7. Do geese drink wine?

Corey: They might. If they drink red, they'd probably turn red.

8. If they drink enough will they become loose?

Corey: If they drink the right wine they would.

David: Chardonnay would do the trick.

9. Do you have a local winery that people can visit?

David: The phone keeps ringing with people asking for that. Since there's such demand we're opening a tasting room in Rosamond, about 20 miles up the road. It's our secret hole in the wall. We'll have tastings, wine dinners and even tours. My biggest excitement is the bar - the bar was brought here in a covered wagon from Texas. The tasting room will open in early September.

10. Where can people find your wine?

David: The tasting room. Or people can visit the website at People can save the trip to the store, go online and we'll ship it the next day.

Corey: Or you can call 270-WINE.

11. Who would win in a fist fight between Leona Valley Winery and Agua Dulce Vineyards?

Corey: I'm taking the fifth on that. But if I had to arm wrestle, I'd win. It's a camaraderie. We want to stay close to everyone out here. I would dance with them, not fight with them.

12. What's your favorite winery that doesn't start with Leona Valley?

Corey: I like Caldwell wines. He makes boutique, cult wines—and the wine is out of this world. He reminds me of Willy Wonka.

David: My favorite right now—it changes all the time, it's part of my research—is Kosta Browne, a Russian River winery that takes grapes from several different vineyards and makes great pinot noir.

13. When you bought the property did you have a winery in mind?

Corey: Not a winery, necessarily. We thought we were going to grow the grapes and do it right. But I got emotional about it—I didn't want to sell my grapes to anybody. So we decided to crush and make our own wine.

David: Of two horse barns, one was sacrificed to make wine in that first year, 2003. We made wine in the barn—we put in air conditioning, and concrete, everything to make wine there. We said, "OK, if we can prove this is good wine then of course we can sell the grapes." And when we took it to market, we talked to some of our connections in the high-end wine industry in Napa and they got really excited about it—they couldn't believe that wine came out of the very first crop of a new vineyard. It was very inspirational because they were so excited.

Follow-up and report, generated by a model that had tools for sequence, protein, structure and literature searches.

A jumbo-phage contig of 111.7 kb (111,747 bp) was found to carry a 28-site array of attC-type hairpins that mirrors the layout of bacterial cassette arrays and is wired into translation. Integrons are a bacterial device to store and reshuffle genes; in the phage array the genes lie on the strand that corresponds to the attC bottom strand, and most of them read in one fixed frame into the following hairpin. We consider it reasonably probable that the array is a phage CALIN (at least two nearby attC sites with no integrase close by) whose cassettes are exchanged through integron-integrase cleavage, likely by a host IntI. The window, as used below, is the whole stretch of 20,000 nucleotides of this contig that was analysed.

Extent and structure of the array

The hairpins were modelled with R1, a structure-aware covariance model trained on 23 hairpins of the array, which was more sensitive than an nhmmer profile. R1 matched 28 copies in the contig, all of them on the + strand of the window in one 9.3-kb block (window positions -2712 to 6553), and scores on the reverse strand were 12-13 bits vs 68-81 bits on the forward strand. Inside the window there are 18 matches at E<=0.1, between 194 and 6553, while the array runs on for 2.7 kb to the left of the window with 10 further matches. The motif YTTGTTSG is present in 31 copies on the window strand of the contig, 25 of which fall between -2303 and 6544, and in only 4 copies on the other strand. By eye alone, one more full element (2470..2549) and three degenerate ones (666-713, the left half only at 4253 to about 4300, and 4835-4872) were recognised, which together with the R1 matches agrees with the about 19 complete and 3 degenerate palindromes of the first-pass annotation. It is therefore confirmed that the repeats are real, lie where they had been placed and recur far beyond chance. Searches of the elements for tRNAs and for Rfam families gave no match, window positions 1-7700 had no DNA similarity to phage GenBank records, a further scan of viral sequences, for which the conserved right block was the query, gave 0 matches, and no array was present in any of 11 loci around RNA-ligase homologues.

14. What was on your property when you first acquired it?

Corey: A lotta weeds.

David: A glorious beautiful valley for cows and horses.

Corey: and lots of cherries.

15. Does all your fruit come from the Leona Valley?

David: Yes.That's a common question because it's so good. People say, wine this good can't be local. You must be buying your grapes from Napa.

16. Is it true that wine grapes have been grown in the area for decades?

David:There are vineyards that are over a hundred years old that are still producing. We make wine from one of the mission vineyards—it's small production, only about 300 vines, but they're all totally organic, natural, they don't water them. And the history is significant to what we're doing and that's part of the pursuit. Before prohibition there was a winery here, one of the first wineries in this country, and we're bringing it back.

17. Do you own those vines?

David: The owner is a neighbor. We make the wines and he gets a case of wine for letting us come and play with his grapes.